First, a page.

Apple has been making its own ARM-based processors for installation in Macs for over a year and a half, and according to a new report, the company now dominates the PC market for ARM-powered silicon.

This report from analyst firm Strategy Analytics, brought to you by Tom's Hardware (opens in a new tab), shows just how dominant Apple has become for ARM chips in PCs, with the company earning nearly 90% of revenue from this market in 2021.

In total, when it comes to the global PC market, Strategy Analytics estimates that ARM-based machines now make up 9% of existing hardware.

Who are the main competitors in this space for Apple? There are Chromebooks with ARM chips inside, as well as various Windows laptops on ARM (with Qualcomm Snapdragon SoC) that have been around for a few years, but not in large numbers.

Sravan Kundojjala, Director of Mobile Phone Component Technologies at Strategy Analytics and author of the report, observed: "Apple's M-series family of processors has set the benchmark and given Apple a 2-3 advantage. years over the rest. ARM-based processors. PC processor providers. Qualcomm captured just 3% revenue share in the ARM-based laptop processor market in 2021 and trails Apple in processor performance.

Analysis: Full steam ahead, except supply issues could muddy the waters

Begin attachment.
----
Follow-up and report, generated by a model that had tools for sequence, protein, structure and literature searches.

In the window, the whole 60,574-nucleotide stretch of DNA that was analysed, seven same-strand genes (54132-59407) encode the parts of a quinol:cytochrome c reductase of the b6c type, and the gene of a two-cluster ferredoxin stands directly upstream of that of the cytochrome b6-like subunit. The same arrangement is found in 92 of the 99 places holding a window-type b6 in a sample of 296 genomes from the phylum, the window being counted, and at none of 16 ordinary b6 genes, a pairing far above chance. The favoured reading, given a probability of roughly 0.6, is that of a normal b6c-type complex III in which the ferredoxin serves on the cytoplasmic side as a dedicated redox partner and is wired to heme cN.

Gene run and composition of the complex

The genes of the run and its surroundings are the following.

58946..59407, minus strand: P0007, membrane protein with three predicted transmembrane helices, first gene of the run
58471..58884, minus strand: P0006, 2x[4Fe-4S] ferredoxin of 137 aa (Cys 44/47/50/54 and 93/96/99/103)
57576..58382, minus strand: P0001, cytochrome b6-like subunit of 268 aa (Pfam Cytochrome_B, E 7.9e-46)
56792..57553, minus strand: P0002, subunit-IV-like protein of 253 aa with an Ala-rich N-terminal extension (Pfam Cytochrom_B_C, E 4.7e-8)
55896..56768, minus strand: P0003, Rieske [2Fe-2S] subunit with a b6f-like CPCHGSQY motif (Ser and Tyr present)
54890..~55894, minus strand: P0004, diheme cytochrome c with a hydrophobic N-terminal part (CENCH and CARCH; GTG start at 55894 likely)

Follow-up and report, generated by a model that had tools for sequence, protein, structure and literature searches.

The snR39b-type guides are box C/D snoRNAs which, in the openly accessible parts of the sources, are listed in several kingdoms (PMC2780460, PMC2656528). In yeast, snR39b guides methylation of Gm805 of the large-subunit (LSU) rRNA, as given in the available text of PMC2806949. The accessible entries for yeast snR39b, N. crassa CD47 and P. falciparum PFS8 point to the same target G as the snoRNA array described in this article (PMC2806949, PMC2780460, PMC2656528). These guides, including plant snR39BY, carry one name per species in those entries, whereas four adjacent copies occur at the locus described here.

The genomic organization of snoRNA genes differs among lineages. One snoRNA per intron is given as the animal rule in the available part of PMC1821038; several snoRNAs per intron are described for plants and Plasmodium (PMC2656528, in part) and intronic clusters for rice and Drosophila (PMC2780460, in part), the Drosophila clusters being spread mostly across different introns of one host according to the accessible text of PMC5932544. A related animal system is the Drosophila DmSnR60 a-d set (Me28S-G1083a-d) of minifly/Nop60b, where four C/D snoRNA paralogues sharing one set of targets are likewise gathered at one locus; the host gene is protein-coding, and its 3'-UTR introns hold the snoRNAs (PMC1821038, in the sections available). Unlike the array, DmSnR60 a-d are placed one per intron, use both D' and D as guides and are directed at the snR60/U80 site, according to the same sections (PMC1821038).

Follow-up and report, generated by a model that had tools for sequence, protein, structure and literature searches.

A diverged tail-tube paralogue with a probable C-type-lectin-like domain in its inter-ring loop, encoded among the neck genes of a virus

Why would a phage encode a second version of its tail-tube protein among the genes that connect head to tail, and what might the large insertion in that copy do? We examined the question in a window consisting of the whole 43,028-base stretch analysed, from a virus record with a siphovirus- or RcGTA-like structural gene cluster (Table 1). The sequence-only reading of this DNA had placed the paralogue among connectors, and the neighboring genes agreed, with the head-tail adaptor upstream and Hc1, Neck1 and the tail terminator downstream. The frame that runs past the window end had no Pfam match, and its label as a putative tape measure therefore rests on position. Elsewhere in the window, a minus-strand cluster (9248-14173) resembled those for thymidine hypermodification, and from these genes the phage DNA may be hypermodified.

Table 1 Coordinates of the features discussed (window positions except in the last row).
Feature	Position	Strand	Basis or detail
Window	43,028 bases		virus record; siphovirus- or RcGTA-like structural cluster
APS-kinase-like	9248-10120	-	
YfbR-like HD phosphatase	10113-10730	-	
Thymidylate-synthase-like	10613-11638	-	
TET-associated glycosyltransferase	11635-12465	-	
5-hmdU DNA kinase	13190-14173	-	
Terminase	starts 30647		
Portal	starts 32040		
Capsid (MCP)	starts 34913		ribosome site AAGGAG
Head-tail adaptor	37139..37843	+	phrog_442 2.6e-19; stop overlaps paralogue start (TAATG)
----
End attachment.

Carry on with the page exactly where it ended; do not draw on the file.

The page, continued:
When M1-powered MacBooks burst onto the scene in late 2020, the big difference with these compared to other ARM-based laptops was the really impressive performance of Apple's SoC, compared to Windows laptops on ARM, which they are relatively weak in terms of grunt.

Apple has moved forward with its own processors that are used in several Macs (the Mac mini and iMac, as well as the best MacBooks and the best laptops in general) and recently released the M2 chip, the next-generation offering to keep the momentum going. .

And as we can see from this report, so far that push has caused big changes in the laptop market, Apple's strategy of ditching Intel for its own silicon is already paying off.

While it's great that Apple is in control of not just the hardware, but also the software side of the equation, with Rosetta, the translation technology that allows its ARM processors to run x86 software (written for Intel chips), being a part key to the whole puzzle here.

While we can expect Apple to go further with its ARM-based Macs and new M2 chip-equipped MacBooks, the only concern that could rock the ship and tarnish future sales prospects is how big of a factor the disruption could be. lockdown in China. be in terms of interfering with future production and shipping numbers.

After all, we're already hearing about delays for the new 13-inch MacBook Pro (M2, 2022) and have seen availability issues around the 14-inch MacBook Pro (2021) and 16-inch MacBook Pro (2021). . .

Also, the new MacBook Air doesn't have a confirmed release date yet, with Apple only telling us that it will arrive sometime in July, so there are a number of concerns about stock levels floating around.

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